A Copernican Revolution to Liturgical Theology

Fr Schmemann at Divine Liturgy
By David W. Fagerberg

I regret that I never had the opportunity to meet Fr Alexander in person, but it is surely a testament to his scholarship, writing, and penetrating thought that he managed to make such an impact upon me nevertheless. We missed each other by sixty miles and one year. I began my studies at Yale the year before he died, and had I known how important he would become to me, I would surely have made that drive down I-95 to St. Vladimir’s Seminary to say thanks in advance. By outside arithmetic, his life was symmetrically simple: thirty years in Europe (1921–1951) and thirty-two years in America (1951–1983), but the impact of a life is not determined by such exterior markers. No one’s is, because our souls are bigger than our biographies. And in Fr. Alexander’s case, besides the secret record of his spiritual biography (the one kept by God and his wife and family) a public record is available because he was a scholar who left a trail of writings to let latecomers meet him, latecomers like myself then, and perhaps you, the reader, now. This celebration of the centennial of his birth offers you that invitation.

Dr David Fagerberg Delivers 36th Annual Schmemann Lecture
Dr. David Fagerberg delivered the Seminary's 36th Annual Fr. Alexander Schmemann Memorial Lecture in 2019.

Most of the academic world has marked his trail of writings with signposts saying “liturgical studies,” and “liturgical renewal,” and “liturgical theology.” After all, his first book was titled Introduction to Liturgical Theology. And these were the signposts that led me toward him, since they seemed to name my intended subject of graduate study. I had developed plans to dissect the liturgy using the utensils of systematic theology I had brought with me. But in a directed reading course with Fr. Aidan Kavanagh during my first semester, we read everything by Fr. Alexander we could fit into that semester, and the different approach he took proved to be a Copernican Revolution for me. He did not approach liturgy as something for academic theologians to tinker with. He rather approached liturgy as a source for theology itself—the ontological condition for theology, in his words.

I tell people that the rest of my graduate education was spent trying to get the number of the bus that hit me.

It struck me forcefully when I read, “In the approach which I advocate by every line I ever wrote, the question addressed by liturgical theology to liturgy and to the entire liturgical tradition is not about liturgy but about ‘theology,’ i.e. about the faith of the Church as expressed, communicated and preserved by the liturgy.”[i]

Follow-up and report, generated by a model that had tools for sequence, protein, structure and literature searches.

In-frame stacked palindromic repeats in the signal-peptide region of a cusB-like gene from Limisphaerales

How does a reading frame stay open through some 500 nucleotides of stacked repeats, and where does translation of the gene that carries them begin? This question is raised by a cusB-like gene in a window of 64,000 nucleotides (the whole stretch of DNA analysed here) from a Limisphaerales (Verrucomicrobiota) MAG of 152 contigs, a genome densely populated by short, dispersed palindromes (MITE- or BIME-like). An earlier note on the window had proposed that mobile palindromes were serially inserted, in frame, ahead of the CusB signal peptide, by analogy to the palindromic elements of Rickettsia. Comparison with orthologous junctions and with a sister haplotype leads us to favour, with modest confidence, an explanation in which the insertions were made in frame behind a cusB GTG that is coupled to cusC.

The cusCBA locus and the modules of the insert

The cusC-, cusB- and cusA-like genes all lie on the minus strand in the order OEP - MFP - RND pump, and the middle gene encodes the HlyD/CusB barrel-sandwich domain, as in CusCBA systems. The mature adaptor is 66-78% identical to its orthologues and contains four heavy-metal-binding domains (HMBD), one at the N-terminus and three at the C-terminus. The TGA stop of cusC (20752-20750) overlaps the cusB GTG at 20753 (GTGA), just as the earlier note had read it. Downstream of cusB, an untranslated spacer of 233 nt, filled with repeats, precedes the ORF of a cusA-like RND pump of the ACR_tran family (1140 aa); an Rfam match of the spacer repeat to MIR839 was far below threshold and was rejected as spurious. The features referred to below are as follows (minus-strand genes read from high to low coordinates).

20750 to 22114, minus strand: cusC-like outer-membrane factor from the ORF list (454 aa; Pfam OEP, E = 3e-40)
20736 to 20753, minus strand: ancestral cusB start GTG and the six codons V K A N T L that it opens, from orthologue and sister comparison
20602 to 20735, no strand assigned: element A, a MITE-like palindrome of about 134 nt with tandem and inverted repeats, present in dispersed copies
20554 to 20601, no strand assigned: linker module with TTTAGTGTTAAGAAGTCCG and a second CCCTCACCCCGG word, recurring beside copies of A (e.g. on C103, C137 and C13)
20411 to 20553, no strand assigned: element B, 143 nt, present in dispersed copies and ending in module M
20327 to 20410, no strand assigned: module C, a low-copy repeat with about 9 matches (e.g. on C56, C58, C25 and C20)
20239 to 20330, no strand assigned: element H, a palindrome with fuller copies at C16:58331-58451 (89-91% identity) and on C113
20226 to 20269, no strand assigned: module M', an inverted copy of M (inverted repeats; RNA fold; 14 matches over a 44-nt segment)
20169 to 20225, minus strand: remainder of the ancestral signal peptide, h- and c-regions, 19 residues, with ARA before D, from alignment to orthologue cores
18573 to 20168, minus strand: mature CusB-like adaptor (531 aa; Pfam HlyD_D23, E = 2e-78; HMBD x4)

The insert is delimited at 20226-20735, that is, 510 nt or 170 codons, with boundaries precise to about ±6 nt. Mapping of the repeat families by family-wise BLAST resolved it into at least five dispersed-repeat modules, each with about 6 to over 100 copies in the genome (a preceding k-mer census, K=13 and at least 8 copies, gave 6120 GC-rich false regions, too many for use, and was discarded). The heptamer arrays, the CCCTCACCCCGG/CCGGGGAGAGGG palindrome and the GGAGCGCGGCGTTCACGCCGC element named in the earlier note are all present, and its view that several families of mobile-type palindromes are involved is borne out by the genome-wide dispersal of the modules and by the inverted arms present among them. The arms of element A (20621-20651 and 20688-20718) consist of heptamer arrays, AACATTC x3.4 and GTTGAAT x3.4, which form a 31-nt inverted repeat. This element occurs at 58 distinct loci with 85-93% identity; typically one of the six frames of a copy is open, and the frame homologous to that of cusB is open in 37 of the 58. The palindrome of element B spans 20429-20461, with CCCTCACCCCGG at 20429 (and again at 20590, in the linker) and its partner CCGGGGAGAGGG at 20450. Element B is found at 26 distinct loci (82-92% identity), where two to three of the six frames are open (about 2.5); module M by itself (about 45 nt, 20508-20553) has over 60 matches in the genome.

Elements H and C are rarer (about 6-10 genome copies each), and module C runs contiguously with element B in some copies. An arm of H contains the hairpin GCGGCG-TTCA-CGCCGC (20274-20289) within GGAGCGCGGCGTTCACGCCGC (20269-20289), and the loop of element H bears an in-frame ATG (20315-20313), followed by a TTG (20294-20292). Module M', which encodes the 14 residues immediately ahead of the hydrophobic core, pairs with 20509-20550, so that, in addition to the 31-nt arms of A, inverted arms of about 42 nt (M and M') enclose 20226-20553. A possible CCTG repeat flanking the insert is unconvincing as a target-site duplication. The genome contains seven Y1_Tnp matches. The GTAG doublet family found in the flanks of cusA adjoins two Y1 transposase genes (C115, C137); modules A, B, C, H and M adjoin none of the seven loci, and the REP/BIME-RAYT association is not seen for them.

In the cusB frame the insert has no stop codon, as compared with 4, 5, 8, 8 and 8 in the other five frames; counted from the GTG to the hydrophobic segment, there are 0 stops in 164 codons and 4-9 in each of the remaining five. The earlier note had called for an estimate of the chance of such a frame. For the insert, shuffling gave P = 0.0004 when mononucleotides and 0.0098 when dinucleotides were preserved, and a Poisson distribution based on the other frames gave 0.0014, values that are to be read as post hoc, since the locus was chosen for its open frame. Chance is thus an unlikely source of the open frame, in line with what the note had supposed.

This inserted the “jaws of life” into the concept I had of liturgical theology, and opened a horizon beyond history and liturgics. The man to whom so many turn when they intend to study the evolution of rite, rubric, piety, cult, symbol, and liturgiology instead states, adamantly, that the real question addressed by liturgical theology is not about liturgy but about theology. Could liturgical theology be about something more than academically sponsored ritual naval gazing?

The thesis was confirmed multiple times the further I read. He denied seeing his mission as one of preparing grounds for a reform, or finding the “essence” of the liturgy, or relegating accessories to their place. Then, as if sensing the exasperation of readers who expected nothing more than this, he concludes:

Finally one may ask: but what do you propose, what do you want? To this I will answer without much hope, I confess, of being heard and understood: we need liturgical theology, viewed not as a theology of worship and not as a reduction of theology to liturgy, but as a slow and patient bringing together of that which was for too long a time and because of many factors broken and isolated – liturgy, theology, and piety, their reintegration within one fundamental vision. In this sense liturgical theology is an illegitimate child of a broken family. It exists, or maybe I should say it ought to exist, only because theology ceased to seek in the lex orandi its source and food, because liturgy ceased to be conducive to theology.[ii]

He repeats this several other places. Liturgical theology is reuniting three verities that we have let isolate: liturgy, theology, and piety. We do so by recovering leitourgia as lex orandi.

The goal of liturgical theology, as its very name indicates, is to overcome the fateful divorce between theology, liturgy and piety – a divorce which, as we have already tried to show elsewhere, has had disastrous consequences for theology as well as for liturgy and piety. It deprived liturgy of its proper understanding by the people, who began to see in it beautiful and mysterious ceremonies in which, while attending them, they take no real part. It deprived theology of its living source and made it into an intellectual exercise for intellectuals. It deprived piety of its living content and term of reference.[iii]

This divorce has damaged each member. These bricks should make up the house in which we live our Christian life, but we instead find a pile of rubble because the bricks are not connected. Separate liturgy from theology and piety, and we get human ritual; separate theology from liturgy and piety, and we get a religious philosophy; separate piety from liturgy and theology and we get idiosyncratic religiosity.